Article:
Friday, March 7, 2014

The Epic Minority Superhero Debate

FLAME ON!: It's official: Michael B. Jordan will be The Human Torch!

     Perhaps never has their been a greater geek debate with such real world consequences than the controversy that struck the blogosphere when rising star Michael B. Jordan was announced to play Johnny Storm, AKA The Human Torch, in Josh Trank’s Fantastic Four reboot out June 19th, 2015.  The issue polarized news sites, critics, and comic book fans across the globe.  In the comic book camp you had those that wondered how could Fox change the race of such a beloved character on a whim while in the critical community as well as the news media, reporters and critics wondered how and why comic books fans could be so racist and ignorant.  Although BBQ17 and I have discussed this issue numerous time on the Confirmed Epic Podcast, I believe it’s time we officially set the record straight on just why comic book fans may not be so narrowed minded after all when it comes to this issue.  Find out why after the break….



    Before we proceed let me say that I believe Michael B. Jordan is fantastic actor and one day will be just as much of household name as Denzel Washington or Tom Hanks.  As seen in our top ten films of last year, we thought very highly of his 2013 film Fruitvale Station, which in our opinion got snubbed at this year’s Academy Awards. So the proceeding commentary has nothing to do with the amazing talent of Michael B. Jordan, but everything to do with the racial misconception of the modern comic book fan.

Look for Anthony Mackie to soar as The Falcon in Captain America: The Winter Soldier April 4th!


    The problem with casting Michael B. Jordan to play the Human Torch isn’t one of a black actor playing a traditionally white character; it’s the subtle message that goes along with that casting, which is to admit that major studios would rather change the race of a particular white character than betting on a traditionally black character to carry their own film or franchise. The fact of the matter remains that there exists a rich catalog of minority characters in both the Marvel and DC universes that have yet to be given the proper Hollywood treatment: Black Panther of Marvel and Cyborg of DC are two prominent ones that come to mind.  Just recently have the likes of Falcon (played by Anthony Mackie) and War Machine (played by Don Cheadle and Terrence Howard) been given decent screen time in supporting roles, with no rumored plans from Marvel Studios for either to receive their own film.  The bottom line is that if you asked any comic reader how they would feel about Leo Dicaprio hypothetically being cast as Black Panther or Tom Cruise hypothetically being cast as War Machine, they would be distraught.  Not over the actor choices, but because to comic book fan many aspects of the character remain sacred and can vary depending on race.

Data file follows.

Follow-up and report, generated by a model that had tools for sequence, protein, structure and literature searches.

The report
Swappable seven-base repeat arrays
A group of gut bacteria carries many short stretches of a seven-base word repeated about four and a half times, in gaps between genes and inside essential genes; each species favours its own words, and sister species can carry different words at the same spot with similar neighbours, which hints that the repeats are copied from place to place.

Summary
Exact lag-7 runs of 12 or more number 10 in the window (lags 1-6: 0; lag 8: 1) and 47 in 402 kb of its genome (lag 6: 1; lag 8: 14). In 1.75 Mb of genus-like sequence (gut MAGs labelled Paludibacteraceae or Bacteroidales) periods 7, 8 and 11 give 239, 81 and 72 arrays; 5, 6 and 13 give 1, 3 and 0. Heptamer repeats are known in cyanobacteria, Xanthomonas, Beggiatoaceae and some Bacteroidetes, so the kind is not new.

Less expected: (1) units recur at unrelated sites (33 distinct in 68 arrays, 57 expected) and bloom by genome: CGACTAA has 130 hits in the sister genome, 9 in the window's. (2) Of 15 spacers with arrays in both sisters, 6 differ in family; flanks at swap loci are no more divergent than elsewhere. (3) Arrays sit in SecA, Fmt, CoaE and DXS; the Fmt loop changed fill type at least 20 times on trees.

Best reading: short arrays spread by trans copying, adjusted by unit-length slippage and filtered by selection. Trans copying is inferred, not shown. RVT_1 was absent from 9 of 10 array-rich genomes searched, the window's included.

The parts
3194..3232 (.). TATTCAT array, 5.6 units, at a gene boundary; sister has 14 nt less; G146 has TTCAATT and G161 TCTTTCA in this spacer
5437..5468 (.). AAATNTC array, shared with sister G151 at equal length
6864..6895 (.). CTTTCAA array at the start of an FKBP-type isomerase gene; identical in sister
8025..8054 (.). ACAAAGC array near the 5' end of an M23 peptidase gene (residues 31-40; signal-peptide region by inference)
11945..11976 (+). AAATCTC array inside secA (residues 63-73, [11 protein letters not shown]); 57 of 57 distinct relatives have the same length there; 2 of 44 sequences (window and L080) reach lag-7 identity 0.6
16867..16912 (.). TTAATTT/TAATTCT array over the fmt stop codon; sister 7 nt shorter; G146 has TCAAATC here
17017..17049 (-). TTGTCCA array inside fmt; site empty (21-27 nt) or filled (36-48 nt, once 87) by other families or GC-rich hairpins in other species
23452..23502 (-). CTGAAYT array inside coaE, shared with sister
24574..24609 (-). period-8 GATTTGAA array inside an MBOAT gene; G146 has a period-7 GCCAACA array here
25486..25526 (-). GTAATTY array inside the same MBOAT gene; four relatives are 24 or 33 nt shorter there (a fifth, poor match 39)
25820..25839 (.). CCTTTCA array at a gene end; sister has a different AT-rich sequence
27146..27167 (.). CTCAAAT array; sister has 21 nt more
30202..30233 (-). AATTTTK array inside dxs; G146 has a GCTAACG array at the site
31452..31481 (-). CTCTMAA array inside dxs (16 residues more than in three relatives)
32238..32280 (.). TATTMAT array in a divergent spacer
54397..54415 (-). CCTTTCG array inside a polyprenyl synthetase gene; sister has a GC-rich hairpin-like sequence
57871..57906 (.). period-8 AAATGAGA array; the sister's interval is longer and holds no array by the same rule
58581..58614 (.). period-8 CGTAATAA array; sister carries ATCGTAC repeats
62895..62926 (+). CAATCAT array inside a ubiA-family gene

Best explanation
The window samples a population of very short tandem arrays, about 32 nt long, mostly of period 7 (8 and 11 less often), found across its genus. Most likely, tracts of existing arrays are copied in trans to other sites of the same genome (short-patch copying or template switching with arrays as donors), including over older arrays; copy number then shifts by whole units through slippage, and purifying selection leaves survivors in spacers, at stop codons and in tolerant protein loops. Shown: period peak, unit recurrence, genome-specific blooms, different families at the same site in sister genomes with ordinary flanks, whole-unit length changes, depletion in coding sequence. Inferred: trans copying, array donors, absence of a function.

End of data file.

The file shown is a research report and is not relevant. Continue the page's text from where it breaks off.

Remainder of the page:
Right or wrong, race is a very important factor in our society and in our personal coming of age stories.  A black man from Queens didn’t have the same upbringing as a white man from NC.  Each life experience those two particular people went through had a different impact on the person they are now and yes, several of those life experiences were based on race.  Take for example the current Ultimate Comics Spiderman, Miles Morale; half black, half Hispanic.  The type of Spiderman he is happens to be very different from that of Peter Parker, because the upbringing of a white kid in Queens is very different than that of a half black/ half Hispanic one.  Each of the character’s unique backgrounds made them a different hero inside of the suit, backgrounds at least somewhat forged in race.  Neither version of Spiderman is superior to the other, however taking a character's race out of the equation does have an impact.